Now that you are a natural mamma with a gorgeous baby girl how do you view baby products and what sort of baby care do you want to include in your product range?
I was never a big consumer, I guess, when it came to cosmetics. I always thought the less stuff you use, the better it is and the same goes for Rafaela. I only use organic coconut oil and sweet almond oil on Rafaela’s skin. I don’t use any baby shampoo or baby cologne or even the regular diaper rash cream. Rather, I use this sort of butter that is made with olive oil, bee’s wax and calendula flowers. I’ve had really amazing results just using these products and nothing else. We went to the tropics for Christmas and I didn’t want to use insect repellent because I know it’s filled with chemicals and toxic stuff, even when it says it’s for kids, so I found this insect repellent that’s only made with essential oils so it wouldn’t be too harsh on her skin. I learned that it is not necessary to put a bunch of things on babies. I’ve seen baby cologne in the supermarkets but babies smell so wonderful already! I think that putting too many products with fragrances on a baby will somehow impact their sense of smell. I think it’s better not to. I recommend to most of my customers who have babies to only use coconut oil on their skin and right now I’m working on a diaper rash cream and massage oil for babies.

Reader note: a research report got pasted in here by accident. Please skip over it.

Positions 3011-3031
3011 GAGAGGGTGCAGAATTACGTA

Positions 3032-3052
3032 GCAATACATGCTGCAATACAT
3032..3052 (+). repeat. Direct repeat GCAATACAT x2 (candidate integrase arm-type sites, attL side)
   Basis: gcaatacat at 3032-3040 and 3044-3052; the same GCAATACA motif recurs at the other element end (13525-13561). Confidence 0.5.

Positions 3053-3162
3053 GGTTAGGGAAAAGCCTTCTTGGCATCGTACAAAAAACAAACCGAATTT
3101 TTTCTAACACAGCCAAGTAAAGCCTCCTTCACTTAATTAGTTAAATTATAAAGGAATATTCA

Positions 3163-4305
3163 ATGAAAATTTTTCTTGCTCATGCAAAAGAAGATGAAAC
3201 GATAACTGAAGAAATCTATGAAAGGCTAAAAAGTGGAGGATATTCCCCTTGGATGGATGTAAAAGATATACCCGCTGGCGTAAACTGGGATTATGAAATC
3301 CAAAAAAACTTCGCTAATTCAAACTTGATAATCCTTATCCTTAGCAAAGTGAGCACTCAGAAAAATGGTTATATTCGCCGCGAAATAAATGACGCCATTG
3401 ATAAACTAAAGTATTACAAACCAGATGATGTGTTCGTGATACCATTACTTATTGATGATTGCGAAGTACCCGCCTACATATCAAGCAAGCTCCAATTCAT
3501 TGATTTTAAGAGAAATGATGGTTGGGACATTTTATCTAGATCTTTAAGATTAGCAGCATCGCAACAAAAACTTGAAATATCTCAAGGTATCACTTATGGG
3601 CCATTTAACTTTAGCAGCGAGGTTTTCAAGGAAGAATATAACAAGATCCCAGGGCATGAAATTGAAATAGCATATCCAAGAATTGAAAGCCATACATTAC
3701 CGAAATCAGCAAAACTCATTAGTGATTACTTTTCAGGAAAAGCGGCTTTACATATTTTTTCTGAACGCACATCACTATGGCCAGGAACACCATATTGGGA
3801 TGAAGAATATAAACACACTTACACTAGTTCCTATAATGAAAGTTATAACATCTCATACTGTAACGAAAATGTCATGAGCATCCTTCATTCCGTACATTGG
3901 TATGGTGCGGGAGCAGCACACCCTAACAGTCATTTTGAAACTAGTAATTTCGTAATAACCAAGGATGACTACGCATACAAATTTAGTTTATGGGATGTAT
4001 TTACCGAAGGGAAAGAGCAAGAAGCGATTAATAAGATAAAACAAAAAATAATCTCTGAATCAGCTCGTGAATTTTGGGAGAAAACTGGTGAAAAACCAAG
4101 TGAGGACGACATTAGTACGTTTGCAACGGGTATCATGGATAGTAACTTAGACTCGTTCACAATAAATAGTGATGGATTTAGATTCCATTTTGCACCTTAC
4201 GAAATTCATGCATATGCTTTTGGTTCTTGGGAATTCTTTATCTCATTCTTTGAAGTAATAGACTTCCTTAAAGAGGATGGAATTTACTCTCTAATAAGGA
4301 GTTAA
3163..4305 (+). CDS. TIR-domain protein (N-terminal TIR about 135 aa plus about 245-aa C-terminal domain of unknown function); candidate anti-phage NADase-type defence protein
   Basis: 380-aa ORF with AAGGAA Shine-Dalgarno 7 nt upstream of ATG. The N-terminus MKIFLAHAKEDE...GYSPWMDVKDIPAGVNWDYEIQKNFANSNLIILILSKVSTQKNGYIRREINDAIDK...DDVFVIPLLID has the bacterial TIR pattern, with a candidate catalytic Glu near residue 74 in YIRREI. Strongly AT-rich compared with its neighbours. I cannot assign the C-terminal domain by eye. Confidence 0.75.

As a way of life, my partner and I commit ourselves to be conscious consumers in general, particularly when it comes to food and health care. We feel truly privileged to have access to some of the best ingredients/materials out there because of our jobs, and we love being able to provide them for our daughter.
How have your perspectives shifted or evolved since becoming a mother?